Good Debt vs Bad Debt: The Differences & 6 Ways to Use Debt Wisely

By Sara


Last Updated: September 13, 2022


Is there such a thing as good debt and bad debt?

Debt is neither good nor bad. Some people classify all debt as bad, but that isn't necessarily fair.

Some debt cannot be avoided and is easier to manage, while other debts may be crippling and harder to pay off.

One type of debt doesn't negatively impact your score directly, but if you have a large debt, that may impact your score due to your utilization ratio. 



What is good debt? 

Some debt is considered to be "good" if it is a low-interest debt.

For example, a mortgage and car loan has a low-interest rate.

These types of debts are very normal for most families to have. Ideally, it's best to pay off these quickly. However, it can be difficult to save up the full amount for a car or home to pay with cash. Having these types of debt has repayment plans that are easy to manage.


What is bad debt? 

Some debt is considered to be "bad."

These types of debt have a higher interest rate, such as credit card debt. It can be difficult to pay off credit card debt due to compound interest.

Student loan debt can also be seen as a bad type of debt, even though it has a lower interest rate and is usually necessary for someone to receive higher education. 


What makes student loan debt bad? 

While most student loan debt interest is not that high, it has the same compounding effect as a credit card if you pay your debt off with anything other than the standard ten-year repayment plan.

It also is bad because of how much student loan debt the average person has. A person's average student loan debt is around the same price as a brand-new car. That amount of debt is hard to pay off when you are just becoming a working adult.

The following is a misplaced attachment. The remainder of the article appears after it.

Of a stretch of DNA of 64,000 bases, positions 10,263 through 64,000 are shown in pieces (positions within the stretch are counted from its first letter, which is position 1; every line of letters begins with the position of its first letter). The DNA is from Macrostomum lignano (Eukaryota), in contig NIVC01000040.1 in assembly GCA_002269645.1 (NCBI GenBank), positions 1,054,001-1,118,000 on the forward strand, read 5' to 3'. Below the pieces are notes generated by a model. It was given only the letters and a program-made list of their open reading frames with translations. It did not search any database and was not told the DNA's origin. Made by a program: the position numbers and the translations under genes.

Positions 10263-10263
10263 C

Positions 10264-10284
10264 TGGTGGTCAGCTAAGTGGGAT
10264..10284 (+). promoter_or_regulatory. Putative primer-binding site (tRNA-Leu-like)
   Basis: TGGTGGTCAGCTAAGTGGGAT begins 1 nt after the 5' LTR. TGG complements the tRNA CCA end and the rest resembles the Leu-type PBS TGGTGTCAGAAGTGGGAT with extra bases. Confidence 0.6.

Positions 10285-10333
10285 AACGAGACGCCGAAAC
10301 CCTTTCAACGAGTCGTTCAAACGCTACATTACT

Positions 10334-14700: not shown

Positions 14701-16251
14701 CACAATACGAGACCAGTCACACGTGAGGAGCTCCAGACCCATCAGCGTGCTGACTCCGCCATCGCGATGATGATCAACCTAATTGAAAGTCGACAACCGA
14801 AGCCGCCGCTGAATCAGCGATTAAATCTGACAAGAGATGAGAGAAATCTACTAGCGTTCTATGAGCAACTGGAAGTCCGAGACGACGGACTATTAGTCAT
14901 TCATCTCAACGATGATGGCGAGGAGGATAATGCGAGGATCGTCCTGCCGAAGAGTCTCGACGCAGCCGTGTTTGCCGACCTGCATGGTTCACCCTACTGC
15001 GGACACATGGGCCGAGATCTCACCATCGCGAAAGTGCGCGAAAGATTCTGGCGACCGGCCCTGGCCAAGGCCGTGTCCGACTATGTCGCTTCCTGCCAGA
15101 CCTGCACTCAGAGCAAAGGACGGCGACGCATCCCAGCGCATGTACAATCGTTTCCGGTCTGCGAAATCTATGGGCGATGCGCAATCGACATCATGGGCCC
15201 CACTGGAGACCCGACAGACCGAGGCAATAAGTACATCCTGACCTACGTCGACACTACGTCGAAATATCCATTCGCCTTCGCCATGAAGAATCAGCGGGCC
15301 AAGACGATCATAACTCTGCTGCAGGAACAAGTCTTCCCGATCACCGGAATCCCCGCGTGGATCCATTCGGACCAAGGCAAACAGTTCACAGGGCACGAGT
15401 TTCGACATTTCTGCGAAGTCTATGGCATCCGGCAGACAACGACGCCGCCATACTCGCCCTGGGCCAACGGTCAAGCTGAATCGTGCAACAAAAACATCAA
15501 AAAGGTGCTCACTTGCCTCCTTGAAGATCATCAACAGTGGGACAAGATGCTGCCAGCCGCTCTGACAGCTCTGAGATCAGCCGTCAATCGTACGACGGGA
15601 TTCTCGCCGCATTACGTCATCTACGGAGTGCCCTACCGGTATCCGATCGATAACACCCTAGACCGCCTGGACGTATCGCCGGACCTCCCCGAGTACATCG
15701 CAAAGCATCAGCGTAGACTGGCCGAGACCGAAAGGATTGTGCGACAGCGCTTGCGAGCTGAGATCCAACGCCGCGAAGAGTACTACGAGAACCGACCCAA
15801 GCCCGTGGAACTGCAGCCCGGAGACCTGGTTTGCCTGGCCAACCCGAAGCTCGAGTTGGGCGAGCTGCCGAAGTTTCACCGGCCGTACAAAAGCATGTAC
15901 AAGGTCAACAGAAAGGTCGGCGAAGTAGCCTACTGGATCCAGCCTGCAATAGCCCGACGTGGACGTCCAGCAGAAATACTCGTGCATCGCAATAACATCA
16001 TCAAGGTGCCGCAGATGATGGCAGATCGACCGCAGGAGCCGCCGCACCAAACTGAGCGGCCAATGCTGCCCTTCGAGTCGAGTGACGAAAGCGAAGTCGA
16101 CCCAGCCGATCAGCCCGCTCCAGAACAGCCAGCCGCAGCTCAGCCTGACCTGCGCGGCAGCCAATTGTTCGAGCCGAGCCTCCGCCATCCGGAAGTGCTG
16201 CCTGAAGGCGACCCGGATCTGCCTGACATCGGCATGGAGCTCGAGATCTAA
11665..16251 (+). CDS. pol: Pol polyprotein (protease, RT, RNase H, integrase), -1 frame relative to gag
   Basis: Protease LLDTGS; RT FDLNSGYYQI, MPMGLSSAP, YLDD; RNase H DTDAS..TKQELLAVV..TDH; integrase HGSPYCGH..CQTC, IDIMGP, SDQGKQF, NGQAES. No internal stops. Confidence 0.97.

Student loan debt isn't bad in nature, but it can become bad when not managed properly. 


What makes credit card debt bad? 

Having credit card debt can be very crippling due to compound interest.

If you cannot make extra payments and only make minimum payments, it will take you longer to pay off this debt, and you'll owe much more on the items you bought due to interest.

The interest rates for credit cards are so high that you'll end up paying back so much more in interest than the actual item cost. If you cannot pay even your minimum payments, then that can hurt your credit score even more.

Payment history is the largest factor in your credit score. Credit cards can be a great tool to get cashback and travel points, but they can be a very dangerous kind of debt if your balance is too high. 



Why do some people think all debt is bad? 

Being Debt-free is a goal for many individuals. Unfortunately, the debt-free movement very easily labels all debt as bad.

Most people tackle smaller debts like a credit cards, medical bills, and student loans first because they are smaller amounts. Mortgages and cars are the next debts that are tackled.

While being debt-free can free up your income to allow you to save for other financial goals, it is not always possible for everyone. Labeling all debt as bad debt can make someone feel like they are not financially responsible. The goal is to have good kinds of debt that you can manage and eventually pay off.